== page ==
We have completed maintenance on DiscoverMagazine.com and action may be required on your account. Learn More

Disrupting Dopamine Dogma

Just when we thought we knew dopamine...

By Mallory Locklear
Dec 20, 2016 6:00 AMNov 12, 2019 5:57 AM
Dopamine molecule | Laguna Design/Science Source


Sign up for our email newsletter for the latest science news

Neuroscientists may want to re-examine what they thought they knew about dopamine. The brain uses the chemical to communicate between cells, and dopamine signals different events depending on its location. It’s required for both major functions of the striatum, an area of the brain involved in movement and reward.

For a long time, scientists believed the same dopamine-releasing cells managed both behaviors. But in July, researchers at Northwestern University published a study in Nature that turned this model on its head.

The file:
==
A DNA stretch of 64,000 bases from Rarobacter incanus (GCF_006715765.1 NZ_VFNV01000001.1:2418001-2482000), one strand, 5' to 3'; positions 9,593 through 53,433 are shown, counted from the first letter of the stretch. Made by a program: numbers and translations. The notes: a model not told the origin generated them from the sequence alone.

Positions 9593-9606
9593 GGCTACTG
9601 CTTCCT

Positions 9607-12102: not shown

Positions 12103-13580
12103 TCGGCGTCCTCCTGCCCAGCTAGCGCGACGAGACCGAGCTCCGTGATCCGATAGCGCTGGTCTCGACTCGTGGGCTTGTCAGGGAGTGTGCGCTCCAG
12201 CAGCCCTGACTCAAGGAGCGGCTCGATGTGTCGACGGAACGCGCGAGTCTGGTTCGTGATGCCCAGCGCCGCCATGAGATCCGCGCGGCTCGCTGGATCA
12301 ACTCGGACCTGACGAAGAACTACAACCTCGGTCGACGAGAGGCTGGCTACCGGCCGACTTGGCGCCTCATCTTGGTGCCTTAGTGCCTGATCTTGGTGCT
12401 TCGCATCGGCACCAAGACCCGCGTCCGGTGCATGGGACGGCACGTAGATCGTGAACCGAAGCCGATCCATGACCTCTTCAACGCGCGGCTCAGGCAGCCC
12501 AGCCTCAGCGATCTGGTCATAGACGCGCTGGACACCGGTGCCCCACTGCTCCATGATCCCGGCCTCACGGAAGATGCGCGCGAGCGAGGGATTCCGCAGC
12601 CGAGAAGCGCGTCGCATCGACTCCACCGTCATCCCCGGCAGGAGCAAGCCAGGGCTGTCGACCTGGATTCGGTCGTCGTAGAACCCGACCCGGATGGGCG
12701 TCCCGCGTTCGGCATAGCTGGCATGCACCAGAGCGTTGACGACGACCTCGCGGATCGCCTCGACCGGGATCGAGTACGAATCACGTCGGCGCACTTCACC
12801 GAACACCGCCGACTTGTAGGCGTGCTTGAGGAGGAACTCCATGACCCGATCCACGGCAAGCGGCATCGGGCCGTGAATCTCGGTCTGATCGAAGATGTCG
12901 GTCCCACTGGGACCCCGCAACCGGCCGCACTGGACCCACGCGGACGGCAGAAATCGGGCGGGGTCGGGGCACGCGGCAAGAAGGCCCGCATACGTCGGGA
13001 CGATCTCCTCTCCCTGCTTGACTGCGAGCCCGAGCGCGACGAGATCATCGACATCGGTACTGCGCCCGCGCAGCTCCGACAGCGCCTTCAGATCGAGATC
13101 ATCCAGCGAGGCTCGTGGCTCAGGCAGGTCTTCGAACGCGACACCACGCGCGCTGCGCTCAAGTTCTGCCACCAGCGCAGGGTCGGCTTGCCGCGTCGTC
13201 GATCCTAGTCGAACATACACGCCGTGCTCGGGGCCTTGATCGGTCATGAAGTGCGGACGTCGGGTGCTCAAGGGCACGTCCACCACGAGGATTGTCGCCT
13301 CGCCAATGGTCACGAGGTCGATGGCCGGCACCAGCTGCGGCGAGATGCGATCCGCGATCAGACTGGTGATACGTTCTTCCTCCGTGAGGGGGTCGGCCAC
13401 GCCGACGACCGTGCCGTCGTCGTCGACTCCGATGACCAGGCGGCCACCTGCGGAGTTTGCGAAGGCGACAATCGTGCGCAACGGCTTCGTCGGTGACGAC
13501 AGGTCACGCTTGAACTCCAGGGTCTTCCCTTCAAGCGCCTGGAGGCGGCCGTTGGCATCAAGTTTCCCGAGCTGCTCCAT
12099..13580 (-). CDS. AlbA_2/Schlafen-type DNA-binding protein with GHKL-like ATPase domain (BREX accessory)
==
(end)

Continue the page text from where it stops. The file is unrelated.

Northwestern neuroscientist Daniel Dombeck and his team observed dopamine-releasing neurons firing when mice received rewards and when they were moving. They found that neurons typically fired during one event or the other, but not both. “For the most part,” Dombeck says, “they were completely separate populations.”

The discovery of two cell groups, each with a different job, could impact diseases where dopamine is a key player, like Parkinson’s disease or addiction. Because, as Dombeck points out, “knowing there are separate populations of neurons tells you that you should be applying treatments in a much more targeted way than we are right now.”

1 free article left
Want More? Get unlimited access for as low as $1.99/month

Already a subscriber?

Register or Log In

1 free articleSubscribe
Discover Magazine Logo
Want more?

Keep reading for as low as $1.99!


Already a subscriber?

Register or Log In

More From Discover
Recommendations From Our Store
Shop Now
Stay Curious
Our List

Sign up for our weekly science updates.

To The Magazine

Save up to 40% off the cover price when you subscribe to Discover magazine.

Copyright © 2024 Kalmbach Media Co.